You know the feeling. You’re working hard and giving your workout everything you’ve got when suddenly, it seems your muscles want to give out. What’s going on? Read on to learn more about this mysterious muscle reaction.
My muscles are shaking. What’s going on?
According to Amy Rushlow, writing for Yahoo Health: Challenging exercise depletes the chemical messengers that carry the messages between nerves and muscle cells. This causes some of the nerves and their corresponding fibers to drop out of service, (Dr. Len) Kravitz tells Yahoo health. And since your cells don’t fire all at once – some are contracting as others are relaxing – your body shakes like a car sputtering on a low gas tank.
What can I do about my shaky muscles?
Don’t worry. Shaky may not feel great but the condition is harmless. Here are a few things you can do if you are really bothered by the trembling.
Stay hydrated – Dehydration may also contribute to muscle shaking during exercise so be sure to monitor your fluid intake before and during exercise.
Keep exercising – As you build strength your muscles will be better able to meet the demands of vigorous exercise.
Skip the late show – inadequate sleep doesn’t just make you feel sleepy, it also gives your muscles less power to perform during your workout. More sleep may mean less shakiness.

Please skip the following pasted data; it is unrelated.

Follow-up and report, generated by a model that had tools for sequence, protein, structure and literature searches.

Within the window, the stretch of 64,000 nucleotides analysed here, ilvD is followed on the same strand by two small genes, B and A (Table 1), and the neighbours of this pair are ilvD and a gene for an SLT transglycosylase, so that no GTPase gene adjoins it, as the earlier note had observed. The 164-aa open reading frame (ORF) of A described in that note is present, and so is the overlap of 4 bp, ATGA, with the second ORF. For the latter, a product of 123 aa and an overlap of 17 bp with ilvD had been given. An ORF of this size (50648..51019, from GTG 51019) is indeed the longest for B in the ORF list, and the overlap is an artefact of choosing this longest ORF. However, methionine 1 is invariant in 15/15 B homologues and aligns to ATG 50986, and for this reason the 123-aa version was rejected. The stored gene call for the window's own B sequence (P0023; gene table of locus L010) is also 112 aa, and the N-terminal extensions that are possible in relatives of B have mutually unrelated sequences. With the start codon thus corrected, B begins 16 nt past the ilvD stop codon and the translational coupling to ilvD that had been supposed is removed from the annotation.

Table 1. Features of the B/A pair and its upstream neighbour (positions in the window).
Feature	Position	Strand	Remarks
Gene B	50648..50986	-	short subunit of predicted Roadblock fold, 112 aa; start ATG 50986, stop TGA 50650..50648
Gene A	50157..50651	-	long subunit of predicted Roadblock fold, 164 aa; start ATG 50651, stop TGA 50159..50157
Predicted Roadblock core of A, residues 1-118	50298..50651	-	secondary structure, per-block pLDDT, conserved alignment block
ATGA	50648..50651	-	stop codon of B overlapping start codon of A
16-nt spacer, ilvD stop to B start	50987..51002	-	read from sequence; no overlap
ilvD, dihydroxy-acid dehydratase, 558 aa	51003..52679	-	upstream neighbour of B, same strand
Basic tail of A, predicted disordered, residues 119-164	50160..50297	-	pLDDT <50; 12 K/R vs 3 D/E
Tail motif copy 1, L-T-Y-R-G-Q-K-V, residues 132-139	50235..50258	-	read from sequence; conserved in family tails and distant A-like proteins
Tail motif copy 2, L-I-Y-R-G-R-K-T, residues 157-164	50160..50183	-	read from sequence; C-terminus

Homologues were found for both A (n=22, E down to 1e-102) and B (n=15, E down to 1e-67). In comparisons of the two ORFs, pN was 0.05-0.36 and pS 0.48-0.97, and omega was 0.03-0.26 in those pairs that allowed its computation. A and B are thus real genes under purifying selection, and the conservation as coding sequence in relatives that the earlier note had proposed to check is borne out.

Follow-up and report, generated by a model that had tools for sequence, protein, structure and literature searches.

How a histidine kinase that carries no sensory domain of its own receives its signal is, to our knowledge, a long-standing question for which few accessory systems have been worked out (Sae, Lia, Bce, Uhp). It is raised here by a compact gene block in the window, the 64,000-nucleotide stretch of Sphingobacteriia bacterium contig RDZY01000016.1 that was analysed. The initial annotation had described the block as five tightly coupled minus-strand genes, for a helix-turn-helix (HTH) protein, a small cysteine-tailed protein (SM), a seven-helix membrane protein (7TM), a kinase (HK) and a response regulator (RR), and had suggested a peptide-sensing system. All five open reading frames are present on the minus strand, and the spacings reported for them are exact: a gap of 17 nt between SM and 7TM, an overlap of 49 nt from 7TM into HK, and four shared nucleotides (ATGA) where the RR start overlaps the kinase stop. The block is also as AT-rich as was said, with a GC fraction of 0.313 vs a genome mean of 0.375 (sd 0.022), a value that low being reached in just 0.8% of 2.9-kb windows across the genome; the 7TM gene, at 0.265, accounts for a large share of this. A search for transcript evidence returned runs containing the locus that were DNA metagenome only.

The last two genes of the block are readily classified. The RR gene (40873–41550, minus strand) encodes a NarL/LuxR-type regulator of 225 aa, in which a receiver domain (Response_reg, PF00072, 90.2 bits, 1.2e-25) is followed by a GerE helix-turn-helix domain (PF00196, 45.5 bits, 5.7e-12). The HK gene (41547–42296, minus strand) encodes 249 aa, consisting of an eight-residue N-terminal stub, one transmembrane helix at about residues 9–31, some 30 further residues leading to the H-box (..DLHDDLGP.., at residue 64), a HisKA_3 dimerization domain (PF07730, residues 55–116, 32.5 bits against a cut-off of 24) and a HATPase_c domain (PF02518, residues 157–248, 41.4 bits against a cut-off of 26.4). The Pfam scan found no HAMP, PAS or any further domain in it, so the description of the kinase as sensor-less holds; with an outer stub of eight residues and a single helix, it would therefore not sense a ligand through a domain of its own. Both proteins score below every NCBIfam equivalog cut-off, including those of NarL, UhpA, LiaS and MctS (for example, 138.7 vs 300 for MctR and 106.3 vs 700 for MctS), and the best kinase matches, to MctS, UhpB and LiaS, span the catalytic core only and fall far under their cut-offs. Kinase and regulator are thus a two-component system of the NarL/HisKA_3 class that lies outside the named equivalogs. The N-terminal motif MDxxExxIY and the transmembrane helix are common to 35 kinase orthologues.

Take rest breaks – There is absolutely nothing wrong with going hard during your workout, just be sure you pace yourself. Alternate periods of high intensity with lower intensity exercise or take a break periodically.
Take rest days – Give your muscles adequate time to recover between workouts. When you start with fatigued muscles you are more likely to experience shaky muscles during exercise. You’re also more likely to experience overtraining injuries. Pace yourself so you build strength and stay on track rather than get sidelined because you hurt yourself doing too much, too soon.
After your hard workout, remember to hydrate and have a snack with protein and carbs with a little healthy fat. According to Reader’s Digest, a good rule of thumb is to have a snack of about half the number of calories you burned during exercise. That means if you burned 300 calories your post workout snack should be about 150 calories. Protein and carbs help you replenish energy stores and build muscle. Good choices include tuna on whole grain toast, hard-boiled eggs and hummus or cheese and fruit or trail mix (without candy).